Just as we were settling for an ugly 0-0 draw, Burnley’s game fell apart. Hankin, their only striker of substance, was dismissed. Shortly afterwards, Blackpool’s defender, Bill Bentley, thumped in a free header from a corner. We bowed our heads as the home fans leapt around us. With Waldron’s late equaliser ruled out, there was no way back.

Harry Potts was understandably jubilant. He dismissed the reporters’ comments that it had been a petulant game littered with niggling fouls and reckless challenges. His club was £4,500 better off and he had put one over his former rival. A disconsolate Jimmy Adamson lamented ‘We seemed to be playing uphill. ‘Everything keeps going against us.’ The Burnley Express reporter’s verdict was less forgiving: ‘Scraping the Barrel’ he wrote.

It was a lugubrious journey home. My wife drove. We hardly spoke. The branches of the overhanging trees still thrashed wildly in the stiff wind their fallen leaves whipped up by the passing traffic. Outside, there was irrepressible energy but inside we felt flat and empty.

Little did we know that a bitter dressing room row was taking place. Adamson returned from his contretemps with the referee to find the door locked. It was an undignified affair. Two days later, Bob Lord requested Adamson’s resignation. Burnley were sunk.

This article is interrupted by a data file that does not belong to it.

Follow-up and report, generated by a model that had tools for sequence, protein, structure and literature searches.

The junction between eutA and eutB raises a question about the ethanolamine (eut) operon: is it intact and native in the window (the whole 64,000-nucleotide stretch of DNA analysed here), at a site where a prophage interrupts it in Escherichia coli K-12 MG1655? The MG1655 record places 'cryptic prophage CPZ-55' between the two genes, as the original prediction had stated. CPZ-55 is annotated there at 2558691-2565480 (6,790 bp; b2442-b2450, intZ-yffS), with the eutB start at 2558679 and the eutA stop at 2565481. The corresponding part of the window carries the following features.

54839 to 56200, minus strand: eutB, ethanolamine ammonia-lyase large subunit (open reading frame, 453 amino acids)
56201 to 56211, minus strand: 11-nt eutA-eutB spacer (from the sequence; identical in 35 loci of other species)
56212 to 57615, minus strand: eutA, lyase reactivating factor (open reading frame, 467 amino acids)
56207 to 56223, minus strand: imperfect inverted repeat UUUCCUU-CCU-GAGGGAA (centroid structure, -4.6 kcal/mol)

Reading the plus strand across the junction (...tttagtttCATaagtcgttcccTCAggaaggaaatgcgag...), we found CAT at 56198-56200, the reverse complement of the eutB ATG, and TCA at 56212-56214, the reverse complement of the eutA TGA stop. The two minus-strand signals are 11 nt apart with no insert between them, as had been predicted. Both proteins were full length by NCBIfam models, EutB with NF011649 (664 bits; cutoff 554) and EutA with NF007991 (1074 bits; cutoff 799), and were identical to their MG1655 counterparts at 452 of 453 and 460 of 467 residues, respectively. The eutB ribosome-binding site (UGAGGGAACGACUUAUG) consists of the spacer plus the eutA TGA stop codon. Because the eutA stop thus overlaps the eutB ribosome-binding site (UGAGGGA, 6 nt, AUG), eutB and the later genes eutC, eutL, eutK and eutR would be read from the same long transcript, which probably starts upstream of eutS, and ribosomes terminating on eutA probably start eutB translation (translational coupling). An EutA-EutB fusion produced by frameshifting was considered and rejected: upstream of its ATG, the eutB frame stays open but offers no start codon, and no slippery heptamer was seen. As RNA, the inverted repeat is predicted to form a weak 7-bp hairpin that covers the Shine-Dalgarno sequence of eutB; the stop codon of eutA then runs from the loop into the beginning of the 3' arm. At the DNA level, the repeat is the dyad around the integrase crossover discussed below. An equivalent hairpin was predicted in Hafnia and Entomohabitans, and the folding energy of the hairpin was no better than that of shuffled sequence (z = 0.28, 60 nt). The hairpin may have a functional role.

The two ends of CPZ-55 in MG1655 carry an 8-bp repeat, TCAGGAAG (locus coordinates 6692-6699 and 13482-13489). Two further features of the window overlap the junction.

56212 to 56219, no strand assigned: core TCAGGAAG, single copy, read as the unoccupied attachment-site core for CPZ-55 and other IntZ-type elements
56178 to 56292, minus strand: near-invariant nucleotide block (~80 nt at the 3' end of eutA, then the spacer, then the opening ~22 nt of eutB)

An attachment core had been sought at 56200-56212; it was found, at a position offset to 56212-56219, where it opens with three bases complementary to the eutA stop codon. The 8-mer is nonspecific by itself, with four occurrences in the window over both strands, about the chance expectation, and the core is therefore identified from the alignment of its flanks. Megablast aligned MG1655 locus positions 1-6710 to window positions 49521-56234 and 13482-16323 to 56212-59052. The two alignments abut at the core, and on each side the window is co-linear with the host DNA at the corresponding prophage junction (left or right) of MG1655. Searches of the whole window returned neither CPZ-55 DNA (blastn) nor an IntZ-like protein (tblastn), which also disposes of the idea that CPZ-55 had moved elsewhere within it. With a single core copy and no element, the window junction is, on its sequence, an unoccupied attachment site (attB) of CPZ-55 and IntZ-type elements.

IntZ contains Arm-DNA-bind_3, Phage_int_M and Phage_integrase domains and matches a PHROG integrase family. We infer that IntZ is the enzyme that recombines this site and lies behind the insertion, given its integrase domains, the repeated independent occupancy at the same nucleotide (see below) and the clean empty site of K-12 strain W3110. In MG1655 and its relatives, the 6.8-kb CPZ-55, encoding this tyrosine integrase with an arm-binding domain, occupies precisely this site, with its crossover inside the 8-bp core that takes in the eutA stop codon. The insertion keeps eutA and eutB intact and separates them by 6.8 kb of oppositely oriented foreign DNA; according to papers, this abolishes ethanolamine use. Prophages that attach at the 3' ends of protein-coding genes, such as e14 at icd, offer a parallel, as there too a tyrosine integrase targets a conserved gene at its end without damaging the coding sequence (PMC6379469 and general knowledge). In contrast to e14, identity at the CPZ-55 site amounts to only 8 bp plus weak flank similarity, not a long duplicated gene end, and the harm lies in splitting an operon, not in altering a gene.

Mike Garlick, the current Burnley chairman, saw the Clarets in action for the first time on this day, having been inspired to follow them by Rev. David Wiseman’s talk at his school. Long-standing London Claret, Danny West was also there. He recalled in a later article, ‘I travelled to Blackpool with Simon Pettit and Henry Lumley. The train was two hours late due to the weather. Blackpool was cold and desolate.’ But Danny was not deterred. He was soon back on the train to see Burnley lose 3-1 at Norwich in another dire performance.

Going home from Carrow Road he said: ‘All I wanted to do was have a quiet sulk in the corner with a few people who felt the same. But Greg Peck had abounding enthusiasm. He wandered up the train and found another four or five Burnley fans. A week later he rang me to say that a few Aston Villa fans would like to go to Turf Moor but could not raise the numbers, could we help? I rang some Burnley fans which gave me six travellers. I think we had eight, three for Villa and five London-based Burnley supporters whom I think were Henry Lumley, Simon Pettit, Micky Bullen, Nigel Blackburn, beside me. The man at British Rail, Euston said I would have to sign a contract for group travel. I was in a good mood after watching Burnley beat relegation rivals, Sheffield United, in a midweek game, so I signed. But on the way home from the Villa game I read the document I had signed and almost died. It seemed as if I was personally responsible for any damage incurred. Thankfully, all went well. So, Saturday 28 February 1976 is my date for the birth of our supporters’ club.